An in-app ad for the mobile app game ‘Gold and Goblins’, seen in the ‘Hooked Inc: Fishing Games’ and ‘Quizzland’ apps on 17 September 2021, included a video of a woman playing a game on her mobile phone, while behind her a man picked up a chair and drew it back over his head as if to strike the woman with it. The ad then showed the man looking at the phone over the woman’s shoulder as she continued to play.
Two complainants, who considered the ad encouraged domestic violence, challenged whether it was offensive and socially irresponsible.
AppQuantum Publishing Ltd said they would immediately stop running the ad across all their platforms. They said they had intended the ad to be humorous in nature, and apologised for any offence it might have caused.
Lion Studios, the developer of ‘Hooked Inc: Fishing Games’, said that they were not affiliated with AppQuantum. They said that they allowed third-party advertisers to publish ads in their mobile app games, which were served programmatically by third-party ad platforms. Lion Studios said they did not review or pre-approve such ads, and believed that the onus was on the ad platforms and advertisers to ensure that ads complied with applicable laws and regulations. They said they had taken measures to prevent it from appearing in their games.
Familia App Developers, the developer of ‘Quizzland’, said that they used third-party software for their in-app advertising, and expected harmful or inappropriate ads to be filtered out by that system. They said that they had updated their settings to block similar ads from appearing in their games in the future.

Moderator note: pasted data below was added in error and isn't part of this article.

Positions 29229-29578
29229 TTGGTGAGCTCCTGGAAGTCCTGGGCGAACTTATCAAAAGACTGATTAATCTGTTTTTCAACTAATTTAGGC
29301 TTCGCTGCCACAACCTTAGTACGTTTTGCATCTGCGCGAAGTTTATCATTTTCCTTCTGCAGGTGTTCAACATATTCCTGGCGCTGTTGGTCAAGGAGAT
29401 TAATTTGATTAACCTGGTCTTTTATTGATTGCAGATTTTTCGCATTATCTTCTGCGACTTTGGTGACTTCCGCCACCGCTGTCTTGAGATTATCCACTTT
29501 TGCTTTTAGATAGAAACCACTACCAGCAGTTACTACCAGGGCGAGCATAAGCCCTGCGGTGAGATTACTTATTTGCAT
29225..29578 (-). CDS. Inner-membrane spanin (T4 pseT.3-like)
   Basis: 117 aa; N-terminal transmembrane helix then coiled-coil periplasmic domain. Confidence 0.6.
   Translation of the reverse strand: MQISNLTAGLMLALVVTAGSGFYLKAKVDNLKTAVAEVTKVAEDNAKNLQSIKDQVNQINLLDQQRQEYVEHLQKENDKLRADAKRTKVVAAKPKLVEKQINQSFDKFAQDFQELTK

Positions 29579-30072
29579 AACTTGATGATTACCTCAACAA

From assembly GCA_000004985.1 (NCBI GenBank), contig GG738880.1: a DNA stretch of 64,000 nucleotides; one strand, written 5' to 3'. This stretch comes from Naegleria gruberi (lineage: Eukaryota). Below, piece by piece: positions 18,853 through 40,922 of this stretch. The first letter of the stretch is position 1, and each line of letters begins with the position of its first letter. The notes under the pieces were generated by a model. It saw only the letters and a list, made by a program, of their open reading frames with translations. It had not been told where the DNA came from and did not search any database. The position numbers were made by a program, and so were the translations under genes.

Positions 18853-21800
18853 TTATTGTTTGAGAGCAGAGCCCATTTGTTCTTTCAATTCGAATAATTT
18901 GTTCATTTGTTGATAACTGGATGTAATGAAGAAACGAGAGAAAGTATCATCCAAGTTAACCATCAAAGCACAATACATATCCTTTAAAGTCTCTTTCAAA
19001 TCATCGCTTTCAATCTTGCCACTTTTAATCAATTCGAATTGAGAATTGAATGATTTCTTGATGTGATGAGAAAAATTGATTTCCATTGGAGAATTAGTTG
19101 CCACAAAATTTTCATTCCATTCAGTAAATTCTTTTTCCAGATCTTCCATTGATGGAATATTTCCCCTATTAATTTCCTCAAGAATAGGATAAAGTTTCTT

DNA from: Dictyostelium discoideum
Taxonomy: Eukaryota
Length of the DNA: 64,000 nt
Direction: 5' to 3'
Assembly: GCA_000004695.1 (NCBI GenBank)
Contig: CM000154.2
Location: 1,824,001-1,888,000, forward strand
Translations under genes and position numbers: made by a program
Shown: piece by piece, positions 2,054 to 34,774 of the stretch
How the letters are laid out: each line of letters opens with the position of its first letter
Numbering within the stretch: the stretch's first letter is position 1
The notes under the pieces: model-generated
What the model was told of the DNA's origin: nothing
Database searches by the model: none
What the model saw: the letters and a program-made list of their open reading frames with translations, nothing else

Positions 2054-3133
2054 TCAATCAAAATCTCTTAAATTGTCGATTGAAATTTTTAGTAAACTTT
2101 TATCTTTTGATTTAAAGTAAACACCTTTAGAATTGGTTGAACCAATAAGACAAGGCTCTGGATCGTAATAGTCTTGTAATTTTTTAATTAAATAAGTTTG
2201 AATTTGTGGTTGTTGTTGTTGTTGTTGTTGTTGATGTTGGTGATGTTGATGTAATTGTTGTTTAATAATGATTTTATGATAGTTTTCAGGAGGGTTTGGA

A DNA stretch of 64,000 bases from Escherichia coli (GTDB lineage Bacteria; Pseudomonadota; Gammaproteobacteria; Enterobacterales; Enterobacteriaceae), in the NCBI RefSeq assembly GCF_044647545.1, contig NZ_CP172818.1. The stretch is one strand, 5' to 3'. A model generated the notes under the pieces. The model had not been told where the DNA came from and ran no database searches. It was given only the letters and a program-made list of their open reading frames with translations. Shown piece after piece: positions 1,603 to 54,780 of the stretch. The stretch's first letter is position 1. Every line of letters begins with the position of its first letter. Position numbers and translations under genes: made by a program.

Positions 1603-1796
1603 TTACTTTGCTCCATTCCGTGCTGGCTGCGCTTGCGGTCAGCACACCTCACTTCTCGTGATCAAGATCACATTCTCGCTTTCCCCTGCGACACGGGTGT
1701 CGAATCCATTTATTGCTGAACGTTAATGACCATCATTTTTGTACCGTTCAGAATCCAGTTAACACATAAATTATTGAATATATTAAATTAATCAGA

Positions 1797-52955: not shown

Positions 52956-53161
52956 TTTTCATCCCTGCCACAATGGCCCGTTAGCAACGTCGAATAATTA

The ASA acknowledged AppQuantum’s willingness to remove the ad.
The ad depicted a man about to assault a woman, and we considered that consumers would understand from the context of the setting that it was because her attention was focused on the game she was playing, rather than on the man.
We considered that such a reference used in an ad for a mobile app game trivialised and condoned the serious and sensitive subject of domestic violence. This was likely to cause serious and widespread offence, and we considered the ad had not been prepared in a socially responsible manner.
We therefore concluded that the ad breached the Code.The ad breached CAP Code (Edition 12) rules 1.3 (Social responsibility), 4.1 and 4.4 (Harm and offence).
The ad must not appear again in its current form. We told AppQuantum Publishing Ltd not to trivialise or condone domestic violence in its advertising.